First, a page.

While perhaps not quite yet ready to displace Dave Chappelle, Toplyn believes that Witscript proves that humor can, to a degree, be automated. Even if there’s still a long way to go. “As machines get better at executing those algorithms, the jokes they generate will get better,” he said.
However, he also struck a note of caution. “To generate [truly] sophisticated jokes the way an expert human comedy writer can, machines will need the common-sense knowledge and common-sense reasoning ability of a typical human.”
This, as it turns out, may be the crux of the matter. Humor might seem frivolous, but for those who work in the fields of language, comedy, and artificial intelligence, it’s anything but.
“We use humor in a lot of different ways,” Kim Binsted, a professor in the Information and Computer Sciences Department at the University of Hawaii, told Digital Trends. “We use it to establish social rapport. We use it to define in-groups and out-groups. We use it to introduce ideas that we might not be willing to express seriously. Obviously, there’s nonlinguistic humor, but [linguistic humor] falls into a category of language use that is really powerful. It isn’t just a stand-up on stage who uses it to get a few laughs. It’s something that we use all the time [within our society.]”
“It is an enormous signifier of advanced intelligence because, in order to be truly funny, an A.I. needs to understand a whole lot about the world.”
When it comes to computational humor, Binsted is a pioneer. In the 1990s, she created one of (possibly the) first A.I. designed to generate jokes. Developed with Professor Graeme Ritchie, Binsted’s JAPE (Joke Analysis and Production Engine) was a joke-generating bot that could create question-and-answer puns. An example might be: “Q) What do you call a strange market?” “A) A bizarre bazaar.”
“It was great because it meant I could pick all the low-hanging fruit before anyone else,” she said modestly. “Which is pretty much what I did with puns.”
Since then, Binsted has developed various other computational humor bots — including one able to dream up variations on “Yo mama” jokes. While Binsted’s work has since evolved to look at long-duration human space exploration, she still views joke-telling A.I. as a sort of holy grail for machine intelligence.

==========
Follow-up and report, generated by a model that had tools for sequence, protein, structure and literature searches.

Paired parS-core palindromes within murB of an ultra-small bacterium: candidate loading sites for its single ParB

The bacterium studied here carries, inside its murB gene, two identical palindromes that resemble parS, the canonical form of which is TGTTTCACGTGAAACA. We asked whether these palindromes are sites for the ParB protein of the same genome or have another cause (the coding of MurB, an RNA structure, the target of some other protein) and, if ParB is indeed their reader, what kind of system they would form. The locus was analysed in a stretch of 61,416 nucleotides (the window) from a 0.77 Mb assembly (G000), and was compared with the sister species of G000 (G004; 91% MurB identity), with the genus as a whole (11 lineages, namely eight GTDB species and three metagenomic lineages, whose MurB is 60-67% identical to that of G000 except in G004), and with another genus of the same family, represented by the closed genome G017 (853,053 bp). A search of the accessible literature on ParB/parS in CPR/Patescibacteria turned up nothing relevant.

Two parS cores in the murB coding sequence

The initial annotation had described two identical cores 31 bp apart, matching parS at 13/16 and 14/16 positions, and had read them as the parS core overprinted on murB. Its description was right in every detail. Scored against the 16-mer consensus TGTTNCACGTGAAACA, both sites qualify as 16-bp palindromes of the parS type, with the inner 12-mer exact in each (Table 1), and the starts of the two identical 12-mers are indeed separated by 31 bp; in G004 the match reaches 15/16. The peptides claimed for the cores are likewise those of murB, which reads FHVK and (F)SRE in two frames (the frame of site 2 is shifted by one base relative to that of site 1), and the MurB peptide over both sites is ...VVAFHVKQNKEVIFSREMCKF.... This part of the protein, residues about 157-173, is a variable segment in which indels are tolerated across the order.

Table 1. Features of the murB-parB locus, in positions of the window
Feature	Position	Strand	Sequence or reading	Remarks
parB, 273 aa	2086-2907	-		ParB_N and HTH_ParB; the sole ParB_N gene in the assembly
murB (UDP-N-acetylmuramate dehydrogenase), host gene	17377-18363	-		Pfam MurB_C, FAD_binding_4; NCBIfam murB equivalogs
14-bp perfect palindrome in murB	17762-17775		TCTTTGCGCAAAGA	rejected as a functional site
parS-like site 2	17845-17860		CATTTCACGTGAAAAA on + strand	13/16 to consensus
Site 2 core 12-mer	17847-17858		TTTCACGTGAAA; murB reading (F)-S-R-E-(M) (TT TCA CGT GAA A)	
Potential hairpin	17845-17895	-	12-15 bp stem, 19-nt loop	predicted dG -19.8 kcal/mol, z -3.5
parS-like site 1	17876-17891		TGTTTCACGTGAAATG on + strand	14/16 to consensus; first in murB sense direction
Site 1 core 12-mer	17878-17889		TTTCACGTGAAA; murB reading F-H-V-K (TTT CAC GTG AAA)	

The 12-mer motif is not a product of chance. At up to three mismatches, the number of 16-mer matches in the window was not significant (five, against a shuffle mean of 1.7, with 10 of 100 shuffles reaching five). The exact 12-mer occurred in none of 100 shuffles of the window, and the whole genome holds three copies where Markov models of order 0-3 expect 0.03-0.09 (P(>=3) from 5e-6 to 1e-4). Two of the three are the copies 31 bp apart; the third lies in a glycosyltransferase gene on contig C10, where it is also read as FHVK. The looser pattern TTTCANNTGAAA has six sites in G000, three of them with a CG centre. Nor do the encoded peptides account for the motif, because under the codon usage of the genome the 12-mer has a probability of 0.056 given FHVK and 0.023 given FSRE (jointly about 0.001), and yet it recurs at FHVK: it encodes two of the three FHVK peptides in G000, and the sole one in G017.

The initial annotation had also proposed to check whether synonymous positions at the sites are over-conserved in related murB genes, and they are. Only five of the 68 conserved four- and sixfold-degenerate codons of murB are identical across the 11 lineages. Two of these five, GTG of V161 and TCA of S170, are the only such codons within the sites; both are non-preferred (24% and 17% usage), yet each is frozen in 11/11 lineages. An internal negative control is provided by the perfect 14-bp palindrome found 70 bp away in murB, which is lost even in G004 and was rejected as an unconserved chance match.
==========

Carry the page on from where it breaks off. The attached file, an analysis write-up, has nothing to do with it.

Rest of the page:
“It’s not one of these things like chess, where when A.I. was starting out, people said, ‘Well, if a computer can ever really play chess, then we will know it’s fully intelligent,’” she opined. “Obviously, that’s not the case. But I do think humor is one of those things where fluent humor using a computer is going to have to be genuinely intelligent in other ways as well.”
This is why joke-telling is such an interesting challenge for machines. It’s not because making an A.I. crack wise is as useful to humanity as, say, using machine intelligence to solve cancer. But it is an enormous signifier of advanced intelligence because, in order to be truly funny, an A.I. needs to understand a whole lot about the world.
“Humor depends on many different human skills, such as world knowledge, linguistic abilities, reasoning, [and more],” Thomas Winters, a computer science Ph.D. student researching artificial intelligence and computational humor, told Digital Trends. “Even if a machine has access to that kind of information and skills, it still has to have insight into the difficulty of the joke itself. In order for something to be funny, a joke also has to be not too easy and not too hard for a human to understand. A machine generating jokes should not use too obscure knowledge, nor too obvious knowledge with predictable punch lines. This is why computational humor is usually seen as an A.I.-complete problem. [It means] we need to have A.I that has functionally similar components as a human brain to solve computational humor, due to its dependency on all these skills of the human brain.”
Think of it like a Turing Test with a laugh track. Coming soon to a superintelligence near you. Hopefully.